In the Sermons,' it is impossible not to be impressed with the rare qualities of the author's mind, though the style is far from being severe enough to satisfy a just taste. The imagery is too profuse, the diction too ornate; in a word, there is too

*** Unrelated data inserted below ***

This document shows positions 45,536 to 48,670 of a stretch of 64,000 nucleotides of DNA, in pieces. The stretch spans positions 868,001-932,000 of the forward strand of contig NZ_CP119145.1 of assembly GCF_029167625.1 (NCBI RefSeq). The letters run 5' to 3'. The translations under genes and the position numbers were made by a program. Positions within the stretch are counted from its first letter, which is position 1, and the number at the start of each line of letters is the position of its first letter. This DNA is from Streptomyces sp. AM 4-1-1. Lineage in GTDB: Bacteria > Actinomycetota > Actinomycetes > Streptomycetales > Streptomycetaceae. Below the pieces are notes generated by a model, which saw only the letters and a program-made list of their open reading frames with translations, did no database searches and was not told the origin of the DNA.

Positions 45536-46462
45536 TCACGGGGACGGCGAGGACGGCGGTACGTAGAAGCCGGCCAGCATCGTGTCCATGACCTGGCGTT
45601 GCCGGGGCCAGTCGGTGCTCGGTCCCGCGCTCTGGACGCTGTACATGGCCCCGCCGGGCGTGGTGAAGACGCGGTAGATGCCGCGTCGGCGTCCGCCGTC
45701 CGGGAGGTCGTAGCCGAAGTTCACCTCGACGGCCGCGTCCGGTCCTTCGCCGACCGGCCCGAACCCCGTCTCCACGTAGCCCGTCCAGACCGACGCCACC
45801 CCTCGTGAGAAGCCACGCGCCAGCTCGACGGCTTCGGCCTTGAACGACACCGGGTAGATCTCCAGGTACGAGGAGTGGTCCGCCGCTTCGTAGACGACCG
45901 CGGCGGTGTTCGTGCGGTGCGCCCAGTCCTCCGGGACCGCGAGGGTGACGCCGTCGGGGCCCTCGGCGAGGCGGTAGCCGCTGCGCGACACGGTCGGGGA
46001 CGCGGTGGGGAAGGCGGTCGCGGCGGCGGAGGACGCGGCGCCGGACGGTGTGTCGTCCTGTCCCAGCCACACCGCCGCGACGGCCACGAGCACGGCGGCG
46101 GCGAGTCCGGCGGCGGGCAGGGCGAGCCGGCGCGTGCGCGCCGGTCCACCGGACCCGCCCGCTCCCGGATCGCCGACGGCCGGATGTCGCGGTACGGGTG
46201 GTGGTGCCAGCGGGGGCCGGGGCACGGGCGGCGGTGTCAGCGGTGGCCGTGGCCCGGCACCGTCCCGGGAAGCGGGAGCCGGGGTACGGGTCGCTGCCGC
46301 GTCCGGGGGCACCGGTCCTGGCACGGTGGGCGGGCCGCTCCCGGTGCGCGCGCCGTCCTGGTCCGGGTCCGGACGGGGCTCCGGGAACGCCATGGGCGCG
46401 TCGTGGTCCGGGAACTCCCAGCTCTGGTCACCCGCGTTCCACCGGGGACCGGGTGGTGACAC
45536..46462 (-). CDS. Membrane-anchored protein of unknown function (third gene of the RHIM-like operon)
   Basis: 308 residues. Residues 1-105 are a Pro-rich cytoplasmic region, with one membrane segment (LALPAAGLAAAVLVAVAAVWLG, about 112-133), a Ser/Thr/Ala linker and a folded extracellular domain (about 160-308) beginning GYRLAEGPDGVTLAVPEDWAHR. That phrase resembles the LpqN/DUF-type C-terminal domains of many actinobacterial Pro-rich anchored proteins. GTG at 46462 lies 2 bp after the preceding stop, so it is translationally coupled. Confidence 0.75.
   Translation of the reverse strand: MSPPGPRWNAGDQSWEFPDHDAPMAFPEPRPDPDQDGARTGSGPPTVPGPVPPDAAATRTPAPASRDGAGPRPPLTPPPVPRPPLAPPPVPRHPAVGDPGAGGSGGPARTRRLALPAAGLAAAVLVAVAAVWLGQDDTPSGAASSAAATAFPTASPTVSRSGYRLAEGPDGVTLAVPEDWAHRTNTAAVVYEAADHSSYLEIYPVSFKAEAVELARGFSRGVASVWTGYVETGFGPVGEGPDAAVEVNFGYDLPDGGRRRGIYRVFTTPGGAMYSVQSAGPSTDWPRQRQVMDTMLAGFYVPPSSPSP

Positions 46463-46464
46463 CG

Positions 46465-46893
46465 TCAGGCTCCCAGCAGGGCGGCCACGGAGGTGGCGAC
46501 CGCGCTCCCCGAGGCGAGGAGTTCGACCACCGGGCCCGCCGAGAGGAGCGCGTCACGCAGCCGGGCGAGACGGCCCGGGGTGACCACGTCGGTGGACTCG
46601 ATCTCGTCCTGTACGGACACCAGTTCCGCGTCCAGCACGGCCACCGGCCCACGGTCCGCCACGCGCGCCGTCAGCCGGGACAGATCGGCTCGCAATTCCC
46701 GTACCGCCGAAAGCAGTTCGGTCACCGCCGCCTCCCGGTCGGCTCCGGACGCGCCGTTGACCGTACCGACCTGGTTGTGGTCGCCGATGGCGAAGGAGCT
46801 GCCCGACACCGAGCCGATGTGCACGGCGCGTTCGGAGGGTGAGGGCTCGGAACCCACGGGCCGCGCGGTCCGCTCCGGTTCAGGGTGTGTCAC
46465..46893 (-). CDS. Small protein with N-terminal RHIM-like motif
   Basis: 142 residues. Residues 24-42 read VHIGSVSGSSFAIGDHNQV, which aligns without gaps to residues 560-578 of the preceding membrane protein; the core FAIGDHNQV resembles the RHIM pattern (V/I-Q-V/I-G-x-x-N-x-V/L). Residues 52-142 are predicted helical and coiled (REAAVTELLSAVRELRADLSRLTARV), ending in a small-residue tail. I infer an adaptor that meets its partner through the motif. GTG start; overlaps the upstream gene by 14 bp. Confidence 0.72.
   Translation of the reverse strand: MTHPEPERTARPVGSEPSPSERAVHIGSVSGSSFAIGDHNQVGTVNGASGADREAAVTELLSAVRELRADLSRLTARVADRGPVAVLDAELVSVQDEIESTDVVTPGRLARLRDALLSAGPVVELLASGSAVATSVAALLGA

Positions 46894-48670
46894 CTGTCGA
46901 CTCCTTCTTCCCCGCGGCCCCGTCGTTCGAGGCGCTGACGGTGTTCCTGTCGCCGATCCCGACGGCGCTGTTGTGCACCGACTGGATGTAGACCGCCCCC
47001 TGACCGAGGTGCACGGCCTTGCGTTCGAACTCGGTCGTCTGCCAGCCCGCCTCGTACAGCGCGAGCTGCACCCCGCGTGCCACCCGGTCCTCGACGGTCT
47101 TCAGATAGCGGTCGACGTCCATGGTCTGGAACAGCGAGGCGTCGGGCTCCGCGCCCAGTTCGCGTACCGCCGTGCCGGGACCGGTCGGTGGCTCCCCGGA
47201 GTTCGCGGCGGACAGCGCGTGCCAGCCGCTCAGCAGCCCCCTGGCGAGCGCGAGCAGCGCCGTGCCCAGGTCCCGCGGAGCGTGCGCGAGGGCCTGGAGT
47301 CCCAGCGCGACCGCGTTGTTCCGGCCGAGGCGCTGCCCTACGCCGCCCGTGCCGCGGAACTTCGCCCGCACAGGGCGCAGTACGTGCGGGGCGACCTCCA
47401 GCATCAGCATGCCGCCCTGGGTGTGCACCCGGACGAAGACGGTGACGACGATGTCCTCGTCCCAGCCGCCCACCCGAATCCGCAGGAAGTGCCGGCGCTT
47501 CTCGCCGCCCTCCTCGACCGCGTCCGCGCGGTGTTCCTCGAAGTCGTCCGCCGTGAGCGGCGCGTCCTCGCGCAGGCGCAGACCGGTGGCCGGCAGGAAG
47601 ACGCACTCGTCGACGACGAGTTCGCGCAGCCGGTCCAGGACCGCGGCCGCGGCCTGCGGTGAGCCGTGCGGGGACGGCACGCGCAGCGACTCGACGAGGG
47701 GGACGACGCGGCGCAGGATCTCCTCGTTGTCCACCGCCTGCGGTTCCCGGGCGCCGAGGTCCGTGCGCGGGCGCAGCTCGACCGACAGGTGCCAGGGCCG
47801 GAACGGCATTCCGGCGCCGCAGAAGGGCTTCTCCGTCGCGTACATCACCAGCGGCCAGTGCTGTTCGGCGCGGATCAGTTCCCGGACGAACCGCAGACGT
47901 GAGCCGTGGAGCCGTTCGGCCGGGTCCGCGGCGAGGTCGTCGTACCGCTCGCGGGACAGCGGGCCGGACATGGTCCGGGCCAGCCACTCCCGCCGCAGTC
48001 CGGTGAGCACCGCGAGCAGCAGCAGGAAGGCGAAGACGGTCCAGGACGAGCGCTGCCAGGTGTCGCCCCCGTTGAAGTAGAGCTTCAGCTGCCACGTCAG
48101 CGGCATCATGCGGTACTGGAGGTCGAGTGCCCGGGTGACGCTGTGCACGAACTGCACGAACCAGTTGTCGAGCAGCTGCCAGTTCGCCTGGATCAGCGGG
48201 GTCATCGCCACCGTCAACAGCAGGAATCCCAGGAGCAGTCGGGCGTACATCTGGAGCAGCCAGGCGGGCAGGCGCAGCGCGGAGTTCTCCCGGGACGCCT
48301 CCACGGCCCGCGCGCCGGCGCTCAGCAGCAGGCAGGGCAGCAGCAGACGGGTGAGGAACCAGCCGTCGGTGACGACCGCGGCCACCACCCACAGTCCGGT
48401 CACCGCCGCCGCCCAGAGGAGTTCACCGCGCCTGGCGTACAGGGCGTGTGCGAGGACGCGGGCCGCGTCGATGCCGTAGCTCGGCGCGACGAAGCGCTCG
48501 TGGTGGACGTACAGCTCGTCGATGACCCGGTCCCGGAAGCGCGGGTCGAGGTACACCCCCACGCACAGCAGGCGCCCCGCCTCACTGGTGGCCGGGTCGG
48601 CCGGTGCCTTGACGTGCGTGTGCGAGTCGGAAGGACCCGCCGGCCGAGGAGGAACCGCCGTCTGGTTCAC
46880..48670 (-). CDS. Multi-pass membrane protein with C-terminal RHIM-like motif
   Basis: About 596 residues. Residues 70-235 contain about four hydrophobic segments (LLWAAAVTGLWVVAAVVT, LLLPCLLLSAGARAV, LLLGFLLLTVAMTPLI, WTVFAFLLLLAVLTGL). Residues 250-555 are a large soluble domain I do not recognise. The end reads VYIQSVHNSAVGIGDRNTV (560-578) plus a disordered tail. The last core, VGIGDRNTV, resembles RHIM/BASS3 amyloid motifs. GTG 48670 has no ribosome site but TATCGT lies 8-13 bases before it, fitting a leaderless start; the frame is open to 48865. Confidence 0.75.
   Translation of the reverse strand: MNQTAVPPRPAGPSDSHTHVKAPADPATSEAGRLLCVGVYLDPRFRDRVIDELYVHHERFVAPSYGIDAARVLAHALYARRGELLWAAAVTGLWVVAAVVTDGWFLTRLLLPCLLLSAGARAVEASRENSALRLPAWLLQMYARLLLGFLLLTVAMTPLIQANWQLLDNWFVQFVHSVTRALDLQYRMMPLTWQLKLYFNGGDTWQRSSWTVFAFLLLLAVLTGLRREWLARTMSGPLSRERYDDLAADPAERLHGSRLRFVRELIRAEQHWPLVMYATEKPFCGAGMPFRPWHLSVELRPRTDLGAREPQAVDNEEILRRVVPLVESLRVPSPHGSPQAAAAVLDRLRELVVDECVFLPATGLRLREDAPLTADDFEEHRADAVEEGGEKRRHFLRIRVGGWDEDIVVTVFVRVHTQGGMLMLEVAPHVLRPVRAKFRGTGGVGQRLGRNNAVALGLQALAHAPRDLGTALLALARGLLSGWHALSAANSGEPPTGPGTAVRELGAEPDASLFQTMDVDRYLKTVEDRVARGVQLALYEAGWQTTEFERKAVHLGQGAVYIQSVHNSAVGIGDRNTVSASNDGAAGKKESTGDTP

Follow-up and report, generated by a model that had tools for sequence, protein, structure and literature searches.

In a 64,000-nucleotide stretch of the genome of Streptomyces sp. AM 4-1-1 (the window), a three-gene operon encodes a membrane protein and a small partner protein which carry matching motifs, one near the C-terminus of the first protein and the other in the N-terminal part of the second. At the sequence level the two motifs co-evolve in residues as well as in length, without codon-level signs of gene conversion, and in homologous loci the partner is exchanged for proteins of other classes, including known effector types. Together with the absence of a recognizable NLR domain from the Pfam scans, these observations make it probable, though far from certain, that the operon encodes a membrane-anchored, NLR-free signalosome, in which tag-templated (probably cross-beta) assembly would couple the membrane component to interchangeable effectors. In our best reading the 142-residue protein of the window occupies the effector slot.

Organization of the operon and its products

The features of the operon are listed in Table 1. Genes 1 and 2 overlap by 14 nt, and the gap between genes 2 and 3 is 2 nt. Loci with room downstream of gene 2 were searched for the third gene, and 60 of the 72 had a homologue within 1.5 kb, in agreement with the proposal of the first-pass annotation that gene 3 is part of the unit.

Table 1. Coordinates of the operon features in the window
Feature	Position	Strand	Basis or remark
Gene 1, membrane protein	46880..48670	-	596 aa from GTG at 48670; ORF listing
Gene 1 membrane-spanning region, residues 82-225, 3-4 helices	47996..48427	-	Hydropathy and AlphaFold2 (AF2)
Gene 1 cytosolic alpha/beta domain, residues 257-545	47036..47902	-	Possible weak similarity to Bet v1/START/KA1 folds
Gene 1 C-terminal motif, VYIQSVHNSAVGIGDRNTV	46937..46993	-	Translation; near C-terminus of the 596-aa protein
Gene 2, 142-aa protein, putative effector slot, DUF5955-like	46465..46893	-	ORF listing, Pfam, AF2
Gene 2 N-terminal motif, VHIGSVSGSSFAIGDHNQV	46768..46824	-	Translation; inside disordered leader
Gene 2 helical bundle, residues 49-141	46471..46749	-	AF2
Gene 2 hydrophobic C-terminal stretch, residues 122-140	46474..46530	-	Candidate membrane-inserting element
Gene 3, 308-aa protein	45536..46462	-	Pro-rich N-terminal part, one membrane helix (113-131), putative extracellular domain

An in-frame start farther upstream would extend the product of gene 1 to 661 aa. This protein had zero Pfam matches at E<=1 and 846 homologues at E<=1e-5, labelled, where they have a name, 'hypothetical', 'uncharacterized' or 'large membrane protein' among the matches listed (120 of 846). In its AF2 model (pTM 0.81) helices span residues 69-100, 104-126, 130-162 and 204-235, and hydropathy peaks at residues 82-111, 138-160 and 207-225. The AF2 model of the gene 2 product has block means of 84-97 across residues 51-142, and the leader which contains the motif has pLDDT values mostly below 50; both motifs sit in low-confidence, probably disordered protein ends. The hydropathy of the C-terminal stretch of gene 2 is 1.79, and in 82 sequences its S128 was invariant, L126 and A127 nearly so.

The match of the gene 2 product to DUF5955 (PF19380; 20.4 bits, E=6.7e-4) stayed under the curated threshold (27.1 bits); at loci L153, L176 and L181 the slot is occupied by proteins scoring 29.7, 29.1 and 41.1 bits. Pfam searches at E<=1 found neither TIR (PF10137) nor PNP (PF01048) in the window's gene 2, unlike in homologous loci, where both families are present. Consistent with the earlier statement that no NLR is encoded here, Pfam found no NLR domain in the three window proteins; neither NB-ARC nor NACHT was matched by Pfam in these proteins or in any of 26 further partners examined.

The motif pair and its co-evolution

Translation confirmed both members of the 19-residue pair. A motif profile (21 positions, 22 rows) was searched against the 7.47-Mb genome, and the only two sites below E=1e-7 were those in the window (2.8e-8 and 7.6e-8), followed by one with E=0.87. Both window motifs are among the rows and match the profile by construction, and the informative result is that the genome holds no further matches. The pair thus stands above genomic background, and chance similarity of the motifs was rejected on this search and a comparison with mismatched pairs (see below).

much of the pomp and glare of rhetoric. In some of the discourses, moreover, the train of argument appears more refined and ingenious than just or convincing; and the expression of the preacher's views is not free from obscurity. Nevertheless, these Sermons' abound in exquisite thoughts, expressed often with exceeding felicity, as well as in passages full of genuine pathos. They are the utterances of a mind not only glowing with the fires of intellect and imagination, but with the fervours of devout passion also. His conviction of the importance and grandeur of the truths he proclaims is evidently profound. None can doubt, who read these discourses, that, in the author's estimate, all things were to be counted dross' in comparison with the Gospel, and that he loved and lived for the Truth, as well as taught and preached it. It is proper to add, that the mass of these sermons do not represent Professor Butler's ordinary style of preaching; his great promptitude of mind and command of language soon induced him to drop the habit of writing his sermons, and (after three or four sessions) even his University Lectures. His ordinary pulpit-style, it may be conjectured, was more colloquial and less ornate than that of these volumes; and, in our estimate, none the worse for that. It is also to be borne in mind, that if the style of thought often indulged, and some of the topics selected, would be ill-suited to the mass of a country congregation, a great part of these discourses seem to have been preached on public occasions and to select audiences. On the whole, we agree with the judgment of Professor Jeremie, who edited the second series: -after saying that he is in no way pledged to defend all the arguments and interpretations of Scripture adopted by the author,' he remarks that though they would doubtless have 'gained much in terseness of style and diction by a careful preparation for the press,' these Sermons form a most valuable accession to our theological literature.'